These algorithms were there. But they were simply too much work and too labor-intensive for small companies to use in their processes. But as they were implemented in software products that came within the reach of smaller companies. Think of algorithms that deal with forecasting– forecasting of product demands– think of the advanced algorithms to plan your resources based on your forecast. Think of algorithms that do route planning– so that help you to deliver your products in an efficient and effective way. Think of algorithms that help you to optimise your network, so help you in decisions like where to put your warehouses, where to put your production facilities around the globe in order to have an effective and sustainable network.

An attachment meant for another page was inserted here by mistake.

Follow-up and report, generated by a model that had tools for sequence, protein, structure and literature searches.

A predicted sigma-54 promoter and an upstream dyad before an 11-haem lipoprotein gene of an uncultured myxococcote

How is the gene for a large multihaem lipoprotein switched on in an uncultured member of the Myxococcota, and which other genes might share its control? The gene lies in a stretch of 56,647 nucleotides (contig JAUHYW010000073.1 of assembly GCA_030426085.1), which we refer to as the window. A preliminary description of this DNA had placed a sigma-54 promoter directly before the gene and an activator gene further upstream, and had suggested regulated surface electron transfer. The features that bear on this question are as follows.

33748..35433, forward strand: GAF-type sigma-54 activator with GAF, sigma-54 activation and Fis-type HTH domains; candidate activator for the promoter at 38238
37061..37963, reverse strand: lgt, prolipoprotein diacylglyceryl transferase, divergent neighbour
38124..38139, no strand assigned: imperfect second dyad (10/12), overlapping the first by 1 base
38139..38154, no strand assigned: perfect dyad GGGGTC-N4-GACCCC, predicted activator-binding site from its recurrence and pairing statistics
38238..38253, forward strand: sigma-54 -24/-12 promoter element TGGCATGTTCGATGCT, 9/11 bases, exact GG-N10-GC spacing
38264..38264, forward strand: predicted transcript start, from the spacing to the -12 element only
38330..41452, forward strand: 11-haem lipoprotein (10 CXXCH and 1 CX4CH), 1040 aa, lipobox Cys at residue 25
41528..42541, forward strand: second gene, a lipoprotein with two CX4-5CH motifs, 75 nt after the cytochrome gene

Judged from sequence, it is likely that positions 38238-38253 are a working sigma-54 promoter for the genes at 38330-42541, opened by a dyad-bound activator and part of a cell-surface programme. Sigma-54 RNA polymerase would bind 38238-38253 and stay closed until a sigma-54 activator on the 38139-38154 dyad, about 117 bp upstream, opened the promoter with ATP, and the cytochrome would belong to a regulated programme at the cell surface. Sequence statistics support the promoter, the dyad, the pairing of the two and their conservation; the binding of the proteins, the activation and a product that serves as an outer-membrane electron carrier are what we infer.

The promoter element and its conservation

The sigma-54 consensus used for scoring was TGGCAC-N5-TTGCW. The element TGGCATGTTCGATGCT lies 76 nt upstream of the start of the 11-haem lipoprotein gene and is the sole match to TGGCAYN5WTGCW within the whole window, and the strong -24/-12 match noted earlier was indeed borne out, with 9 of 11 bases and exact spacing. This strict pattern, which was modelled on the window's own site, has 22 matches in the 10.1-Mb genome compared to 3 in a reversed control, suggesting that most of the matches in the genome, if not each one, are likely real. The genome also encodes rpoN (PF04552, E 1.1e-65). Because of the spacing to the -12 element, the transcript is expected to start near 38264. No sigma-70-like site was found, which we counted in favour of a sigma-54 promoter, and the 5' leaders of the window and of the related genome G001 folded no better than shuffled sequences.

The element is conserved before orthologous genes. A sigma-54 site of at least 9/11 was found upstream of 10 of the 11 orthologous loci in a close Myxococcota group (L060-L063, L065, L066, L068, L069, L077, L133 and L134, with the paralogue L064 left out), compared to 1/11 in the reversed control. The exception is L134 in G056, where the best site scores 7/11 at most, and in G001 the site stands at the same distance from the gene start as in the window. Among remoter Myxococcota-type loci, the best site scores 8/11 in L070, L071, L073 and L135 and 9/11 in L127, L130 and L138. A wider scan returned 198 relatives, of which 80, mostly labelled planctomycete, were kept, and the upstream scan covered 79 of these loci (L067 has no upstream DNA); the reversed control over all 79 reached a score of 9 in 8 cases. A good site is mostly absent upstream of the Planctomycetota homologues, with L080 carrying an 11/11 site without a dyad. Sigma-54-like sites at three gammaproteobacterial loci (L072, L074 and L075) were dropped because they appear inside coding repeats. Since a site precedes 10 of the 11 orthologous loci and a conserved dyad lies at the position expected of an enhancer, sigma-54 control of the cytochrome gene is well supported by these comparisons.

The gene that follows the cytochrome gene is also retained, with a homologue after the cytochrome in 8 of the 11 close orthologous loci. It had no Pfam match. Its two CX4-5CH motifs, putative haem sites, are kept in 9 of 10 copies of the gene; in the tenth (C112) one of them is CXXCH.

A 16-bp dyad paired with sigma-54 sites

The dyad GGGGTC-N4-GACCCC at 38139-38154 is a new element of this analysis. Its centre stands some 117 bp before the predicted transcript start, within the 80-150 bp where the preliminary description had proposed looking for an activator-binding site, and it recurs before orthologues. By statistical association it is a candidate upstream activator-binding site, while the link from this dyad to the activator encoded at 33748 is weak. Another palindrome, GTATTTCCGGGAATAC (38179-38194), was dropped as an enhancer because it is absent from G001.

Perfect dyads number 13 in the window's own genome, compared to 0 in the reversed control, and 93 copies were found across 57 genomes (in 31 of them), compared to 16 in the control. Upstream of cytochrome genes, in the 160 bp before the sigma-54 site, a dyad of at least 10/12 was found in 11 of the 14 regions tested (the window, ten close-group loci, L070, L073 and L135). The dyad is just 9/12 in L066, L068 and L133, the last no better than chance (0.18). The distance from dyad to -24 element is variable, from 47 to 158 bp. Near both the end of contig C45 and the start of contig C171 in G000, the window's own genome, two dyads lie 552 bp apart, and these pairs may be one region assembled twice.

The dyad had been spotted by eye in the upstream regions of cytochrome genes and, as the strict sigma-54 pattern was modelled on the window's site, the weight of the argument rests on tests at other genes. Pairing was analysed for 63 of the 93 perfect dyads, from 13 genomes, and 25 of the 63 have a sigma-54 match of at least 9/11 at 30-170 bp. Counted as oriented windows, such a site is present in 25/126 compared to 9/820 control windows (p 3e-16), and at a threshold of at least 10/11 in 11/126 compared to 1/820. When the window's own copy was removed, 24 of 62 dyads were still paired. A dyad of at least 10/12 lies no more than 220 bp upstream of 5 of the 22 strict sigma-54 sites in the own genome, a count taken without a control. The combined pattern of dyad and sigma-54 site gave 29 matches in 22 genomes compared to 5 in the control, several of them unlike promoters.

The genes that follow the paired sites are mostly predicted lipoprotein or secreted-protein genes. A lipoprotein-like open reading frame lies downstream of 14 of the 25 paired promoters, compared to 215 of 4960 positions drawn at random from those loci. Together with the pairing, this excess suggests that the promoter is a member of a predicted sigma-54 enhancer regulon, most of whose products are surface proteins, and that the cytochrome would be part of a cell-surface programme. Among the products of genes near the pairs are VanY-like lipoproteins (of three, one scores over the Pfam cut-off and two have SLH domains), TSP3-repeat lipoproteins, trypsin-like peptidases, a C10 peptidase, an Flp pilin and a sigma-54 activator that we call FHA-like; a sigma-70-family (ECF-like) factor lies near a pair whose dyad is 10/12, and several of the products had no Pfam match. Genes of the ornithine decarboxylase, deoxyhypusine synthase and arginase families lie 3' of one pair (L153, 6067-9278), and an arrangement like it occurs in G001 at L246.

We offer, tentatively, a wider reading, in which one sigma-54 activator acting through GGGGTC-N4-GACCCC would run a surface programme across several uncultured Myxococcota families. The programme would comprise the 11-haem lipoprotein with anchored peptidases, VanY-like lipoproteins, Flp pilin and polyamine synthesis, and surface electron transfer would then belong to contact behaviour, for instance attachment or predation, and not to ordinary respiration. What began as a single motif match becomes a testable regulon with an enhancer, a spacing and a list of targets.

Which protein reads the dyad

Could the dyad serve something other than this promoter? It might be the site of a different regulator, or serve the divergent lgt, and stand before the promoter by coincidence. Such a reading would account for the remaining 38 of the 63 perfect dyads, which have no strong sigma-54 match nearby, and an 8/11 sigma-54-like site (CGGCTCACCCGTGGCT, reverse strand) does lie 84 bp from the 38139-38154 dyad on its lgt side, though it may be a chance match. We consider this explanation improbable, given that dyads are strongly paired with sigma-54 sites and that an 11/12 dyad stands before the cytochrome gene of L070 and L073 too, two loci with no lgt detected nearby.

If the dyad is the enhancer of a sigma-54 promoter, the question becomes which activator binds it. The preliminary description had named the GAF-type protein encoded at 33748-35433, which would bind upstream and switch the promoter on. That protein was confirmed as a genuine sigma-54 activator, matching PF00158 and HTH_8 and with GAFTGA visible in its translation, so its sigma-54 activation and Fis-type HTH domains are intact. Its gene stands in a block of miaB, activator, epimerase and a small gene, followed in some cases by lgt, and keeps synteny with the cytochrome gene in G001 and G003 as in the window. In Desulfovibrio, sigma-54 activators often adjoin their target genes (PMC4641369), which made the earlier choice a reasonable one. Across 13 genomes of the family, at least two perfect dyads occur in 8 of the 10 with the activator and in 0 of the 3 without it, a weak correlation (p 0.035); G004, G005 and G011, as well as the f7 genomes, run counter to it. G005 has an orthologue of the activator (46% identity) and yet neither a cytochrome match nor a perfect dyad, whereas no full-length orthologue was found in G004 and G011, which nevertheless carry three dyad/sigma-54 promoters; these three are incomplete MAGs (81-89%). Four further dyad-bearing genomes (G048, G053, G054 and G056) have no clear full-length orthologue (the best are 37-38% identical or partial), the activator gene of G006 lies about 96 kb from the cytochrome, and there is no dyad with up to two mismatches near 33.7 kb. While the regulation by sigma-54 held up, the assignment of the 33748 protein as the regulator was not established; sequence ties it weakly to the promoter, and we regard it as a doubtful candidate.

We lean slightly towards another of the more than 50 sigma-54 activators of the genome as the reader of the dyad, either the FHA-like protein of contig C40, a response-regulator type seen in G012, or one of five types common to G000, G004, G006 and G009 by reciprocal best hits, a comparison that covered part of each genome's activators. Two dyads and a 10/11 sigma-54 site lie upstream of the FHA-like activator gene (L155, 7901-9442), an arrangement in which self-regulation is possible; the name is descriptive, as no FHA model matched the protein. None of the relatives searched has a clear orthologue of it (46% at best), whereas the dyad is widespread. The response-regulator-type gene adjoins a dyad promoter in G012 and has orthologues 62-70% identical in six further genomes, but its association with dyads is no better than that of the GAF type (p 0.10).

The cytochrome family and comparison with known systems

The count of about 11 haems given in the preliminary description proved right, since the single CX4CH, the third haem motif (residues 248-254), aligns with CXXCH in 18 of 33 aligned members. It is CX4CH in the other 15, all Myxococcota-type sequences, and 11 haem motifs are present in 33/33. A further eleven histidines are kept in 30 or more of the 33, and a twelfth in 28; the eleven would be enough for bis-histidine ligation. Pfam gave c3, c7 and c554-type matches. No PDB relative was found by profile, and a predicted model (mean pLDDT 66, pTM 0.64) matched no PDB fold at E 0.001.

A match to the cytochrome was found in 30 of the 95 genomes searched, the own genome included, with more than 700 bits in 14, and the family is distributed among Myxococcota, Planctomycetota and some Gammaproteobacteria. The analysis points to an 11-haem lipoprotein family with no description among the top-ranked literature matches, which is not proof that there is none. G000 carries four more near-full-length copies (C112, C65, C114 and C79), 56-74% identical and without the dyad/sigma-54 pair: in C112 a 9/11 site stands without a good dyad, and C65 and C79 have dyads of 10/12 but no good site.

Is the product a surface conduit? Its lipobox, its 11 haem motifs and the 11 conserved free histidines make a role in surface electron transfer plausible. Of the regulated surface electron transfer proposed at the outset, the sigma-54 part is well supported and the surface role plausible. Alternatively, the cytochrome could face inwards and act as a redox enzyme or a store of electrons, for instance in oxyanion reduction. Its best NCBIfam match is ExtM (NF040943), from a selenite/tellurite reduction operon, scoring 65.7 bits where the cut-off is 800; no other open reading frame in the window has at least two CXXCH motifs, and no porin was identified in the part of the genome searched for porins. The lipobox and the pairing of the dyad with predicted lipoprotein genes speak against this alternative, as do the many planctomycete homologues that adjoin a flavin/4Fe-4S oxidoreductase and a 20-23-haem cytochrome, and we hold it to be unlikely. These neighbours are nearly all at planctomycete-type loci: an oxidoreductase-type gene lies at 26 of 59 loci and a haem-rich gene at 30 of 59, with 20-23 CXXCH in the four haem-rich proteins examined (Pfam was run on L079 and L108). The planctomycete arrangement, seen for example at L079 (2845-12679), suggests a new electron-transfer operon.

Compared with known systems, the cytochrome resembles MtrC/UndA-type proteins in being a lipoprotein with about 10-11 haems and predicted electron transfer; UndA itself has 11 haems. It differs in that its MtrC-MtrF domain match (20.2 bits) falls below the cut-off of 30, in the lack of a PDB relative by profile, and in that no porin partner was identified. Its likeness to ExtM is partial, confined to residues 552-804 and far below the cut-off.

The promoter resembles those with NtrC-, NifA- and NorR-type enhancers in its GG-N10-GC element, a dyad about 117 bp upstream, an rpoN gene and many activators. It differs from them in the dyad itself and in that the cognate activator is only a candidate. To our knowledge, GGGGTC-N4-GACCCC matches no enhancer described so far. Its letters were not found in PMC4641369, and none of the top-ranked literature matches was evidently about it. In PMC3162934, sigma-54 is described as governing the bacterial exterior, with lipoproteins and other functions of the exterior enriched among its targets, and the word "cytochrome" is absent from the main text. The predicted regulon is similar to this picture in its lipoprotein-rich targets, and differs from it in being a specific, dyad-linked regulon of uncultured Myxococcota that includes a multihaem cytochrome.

These mathematical algorithms were known. But now, they started to really be used by the companies, embedded in software systems. A very important developments in this space is also that maps that used to be only available in paper form became available in a digital form. So geographical maps with route information, with information about ports, waterways, rail tracks, information about congestion, information about facilities– warehouse facilities– for example, became digitised. And they became part of the software solutions. Today, these are very important, very central elements of supply chain management software.